Former Carolina Panthers defensive end Greg Hardy has a new team. How many games Hardy will be eligible for the Dallas Cowboys this season remains to be seen.
Hardy signed an incentive-laden, one-year contract with Dallas on Wednesday after two days of negotiations and months of waiting following his domestic violence arrest last May.
It’s an $11.3 million deal that could be worth a little more than $13 million, according to multiple reports.
Hardy made $13.1 million for the Panthers last year for playing in one game.
The Cowboys tried to protect themselves financially for the games Hardy could miss while suspended by including $9.25 million in per-game roster bonuses. Hardy also can collect $1.31 million in workout bonuses and a maximum $1.8 million in incentives that are tied to his sack total.
Hardy, 26, remains on the commissioner’s exempt list while the NFL continues its investigation. Many observers expect commissioner Roger Goodell to suspend Hardy for six games, the baseline for first-time domestic violence offenders under the new personal conduct policy.
But because Hardy’s arrest pre-dates the new policy, there could be a protracted legal fight coming, much like Adrian Peterson’s.
Cowboys owner Jerry Jones said Dallas spent several weeks vetting Hardy.
“We have spent a great deal of time over the last two days in meeting with Greg directly and gaining a solid understanding of what he is all about as a person and as a football player. A thorough background review of him, involving many elements of our organization, has been ongoing for the last few weeks,” Jones said in a statement released by the team.
“Obviously a great deal of our study was dedicated to the issue of domestic violence, and the recent events that associated Greg with that issue. ... Our organization understands the very serious nature of domestic violence in our society and in our league. We know that Greg has a firm understanding of those issues as well.”
The Panthers decided several months ago to part ways with Hardy, who became a free agent last week.
Carolina will play at Dallas next season. Until Hardy’s discipline is announced and the NFL schedule is released, it’s unclear whether the Panthers will face him.
Hardy went to his first Pro Bowl after tying the Panthers’ franchise record with 15 sacks in 2013 during his last full season.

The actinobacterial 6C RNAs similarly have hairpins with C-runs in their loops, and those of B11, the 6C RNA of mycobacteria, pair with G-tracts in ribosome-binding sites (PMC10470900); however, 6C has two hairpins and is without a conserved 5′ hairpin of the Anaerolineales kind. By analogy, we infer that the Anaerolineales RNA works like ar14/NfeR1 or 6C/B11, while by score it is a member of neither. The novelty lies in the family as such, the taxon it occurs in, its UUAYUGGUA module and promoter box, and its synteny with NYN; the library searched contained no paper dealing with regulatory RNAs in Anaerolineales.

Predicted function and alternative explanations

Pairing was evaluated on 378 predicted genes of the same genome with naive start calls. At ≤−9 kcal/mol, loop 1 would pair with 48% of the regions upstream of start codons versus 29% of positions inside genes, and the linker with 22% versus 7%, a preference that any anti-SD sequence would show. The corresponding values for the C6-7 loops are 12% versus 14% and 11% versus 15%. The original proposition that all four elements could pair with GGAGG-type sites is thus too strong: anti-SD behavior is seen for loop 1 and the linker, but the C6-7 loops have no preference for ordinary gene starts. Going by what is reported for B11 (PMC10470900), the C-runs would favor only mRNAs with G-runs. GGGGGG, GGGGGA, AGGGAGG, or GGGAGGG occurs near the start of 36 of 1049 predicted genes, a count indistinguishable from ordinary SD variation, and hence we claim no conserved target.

Panthers defensive tackle Dwan Edwards told the Observer last week he understood the team’s decision to part ways with Hardy, saying “it’s bigger than football sometimes.”
Former Carolina tight end Ben Hartsock, while praising Hardy’s playing ability, told a Dallas radio station on Wednesday that Hardy could be “unmanageable” at times in Charlotte.
“The Greg Hardy that was on the field was going to be a nightmare for the opposing team. But then you go in and everybody is in the hot tub or the cold tub after practice just shooting the breeze and the guy carries on a very reasonable, level-headed, inquisitive type of conversation,” Hartsock told ESPN 103.3 FM.
“Then there are other times when he’s just unmanageable. And that’s why I think things have gotten in trouble with his personal life. He’s going have to go a long ways to earn the trust of any organization. ... His reputation has now become an Achilles heel.”
Hardy was last arrested in May, two months after the Panthers had placed the franchise tag on him rather than sign him to a long-term contract extension.
His ex-girlfriend, a cocktail waitress named Nicole Holder, accused Hardy of throwing her around his uptown condo following a night of partying. Holder said Hardy pushed her into a bathtub, tossed her on to a futon covered with semi-automatic weapons, put his hands around her throat and threatened to kill her.
Hardy said Holder followed him around his condo swinging a heeled shoe at him after he asked her to leave.
Hardy agreed to go on the seldom-used exempt list in September until his case was adjudicated. He was paid his entire salary, despite playing in only the season opener at Tampa Bay.
He was deactivated the following week, less than two hours before the Panthers’ home game against Detroit. Hardy then joined Minnesota running back Peterson on the exempt list as Goodell scrambled to decide on a course of action following his mishandling of Ray Rice’s domestic violence situation.
A district judge found Hardy guilty of two misdemeanor charges, saying she thought Hardy made a fabricated 911 call as a cover-up. He appealed for a jury trial, which was scheduled for November and moved to February.
The charges were dismissed when prosecutors said they couldn’t find Holder to testify. District attorney Andrew Murray said Hardy paid Holder an undisclosed amount to settle any potential civil claims.
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